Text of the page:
The Army investigated more than 30 allegations of “racially-motivated violent extremism” in the ranks during the first nine months of 2021, while Marine Corps officials looked into 25 reports of extremist incidents linked to anti-government or anti-authority activity.
The findings are from a just-released report by the Department of Defense Inspector General’s office. The 2021 National Defense Authorization Act required the armed forces to refer such cases to the IG’s office and establish a Pentagon-wide policy for tracking and reporting allegations of prohibited activity.
The military investigated dozens of allegations in 2021 of what it described as “extremism,” ranging from racist activity to affiliation in a criminal gang. But the Defense Department has yet to establish standard policies to report and track incidents.
“We found that data collection across the military departments is inconsistent,” the IG report stated. “For example, the Navy did not track disciplinary action for participation in extremist organizations and activities.”
The military departments reported numbers that in some cases were conflicting. An official with the Navy department said the data provided by the Navy’s Criminal Investigative Service and the Marine Corps didn’t always align with their own information.
“Each military department used its own reporting systems to retrieve information about the allegations of prohibited activity,” the inspectors wrote. “We did not independently verify the reliability of the data from each department.”
The Army, Navy, and Marine Corps each had separate categories for “racially-motivated violent extremism” and “anti-government/anti-authority extremism.” During the time of the study, the Army looked into 33 reports of racially-motivated activity and 34 with an anti-government or anti-authority motivation. The Navy tracked 30 cases of racial incidents and 14 cases of anti-government activity. The Marine Corps reported 25 “anti-authority extremism” cases and seven where race was the factor.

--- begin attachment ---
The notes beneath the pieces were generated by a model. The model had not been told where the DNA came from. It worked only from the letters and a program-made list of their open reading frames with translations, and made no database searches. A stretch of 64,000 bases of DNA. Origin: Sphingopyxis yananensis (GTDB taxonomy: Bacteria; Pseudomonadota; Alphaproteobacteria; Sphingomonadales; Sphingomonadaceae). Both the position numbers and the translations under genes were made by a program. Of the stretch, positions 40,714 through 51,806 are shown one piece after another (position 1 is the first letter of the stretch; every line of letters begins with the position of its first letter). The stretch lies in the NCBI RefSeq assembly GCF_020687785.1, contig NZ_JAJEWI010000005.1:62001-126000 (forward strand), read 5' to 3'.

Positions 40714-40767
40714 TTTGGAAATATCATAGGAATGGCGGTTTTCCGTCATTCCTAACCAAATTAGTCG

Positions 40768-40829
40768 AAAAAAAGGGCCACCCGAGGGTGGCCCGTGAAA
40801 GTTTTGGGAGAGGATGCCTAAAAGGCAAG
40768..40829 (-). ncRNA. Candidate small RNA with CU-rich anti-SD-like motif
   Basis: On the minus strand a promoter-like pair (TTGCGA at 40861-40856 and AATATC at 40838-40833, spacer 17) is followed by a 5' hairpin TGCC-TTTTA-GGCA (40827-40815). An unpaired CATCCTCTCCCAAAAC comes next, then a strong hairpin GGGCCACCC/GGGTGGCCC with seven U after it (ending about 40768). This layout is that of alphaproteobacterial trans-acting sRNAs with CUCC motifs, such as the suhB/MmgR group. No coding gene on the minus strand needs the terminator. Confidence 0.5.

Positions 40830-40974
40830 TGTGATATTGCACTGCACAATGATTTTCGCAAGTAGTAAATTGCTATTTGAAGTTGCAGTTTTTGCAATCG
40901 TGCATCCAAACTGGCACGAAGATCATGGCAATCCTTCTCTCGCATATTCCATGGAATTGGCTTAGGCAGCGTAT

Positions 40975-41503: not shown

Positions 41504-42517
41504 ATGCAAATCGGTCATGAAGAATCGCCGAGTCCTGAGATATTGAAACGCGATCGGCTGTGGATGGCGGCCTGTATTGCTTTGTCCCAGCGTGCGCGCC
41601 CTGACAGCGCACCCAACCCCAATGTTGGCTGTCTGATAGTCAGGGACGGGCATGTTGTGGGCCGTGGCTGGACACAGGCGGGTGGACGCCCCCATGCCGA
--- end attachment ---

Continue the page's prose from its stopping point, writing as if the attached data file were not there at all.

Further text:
The Air Force, however, combined both categories into a single finding: “Domestic Violence Extremism Participation” and reported 102 incidents for the first nine months of the year.
The Army reported only that 18 cases were adjudicated by unspecified “punishment/corrective actions” and the Air Force said that 28 troops were subject to some sort of “administrative actions.” In most cases, the incidents were referred back to their command for “appropriation action.”
While their numbers need to be tightened up, the Defense Department inspector general said the military services have made some improvements of late.
“The Army already tracks allegations of prohibited activity and requires reporting of extremist behavior to its Criminal Investigation Division,” according to the report.
• Mike Glenn can be reached at firstname.lastname@example.org.
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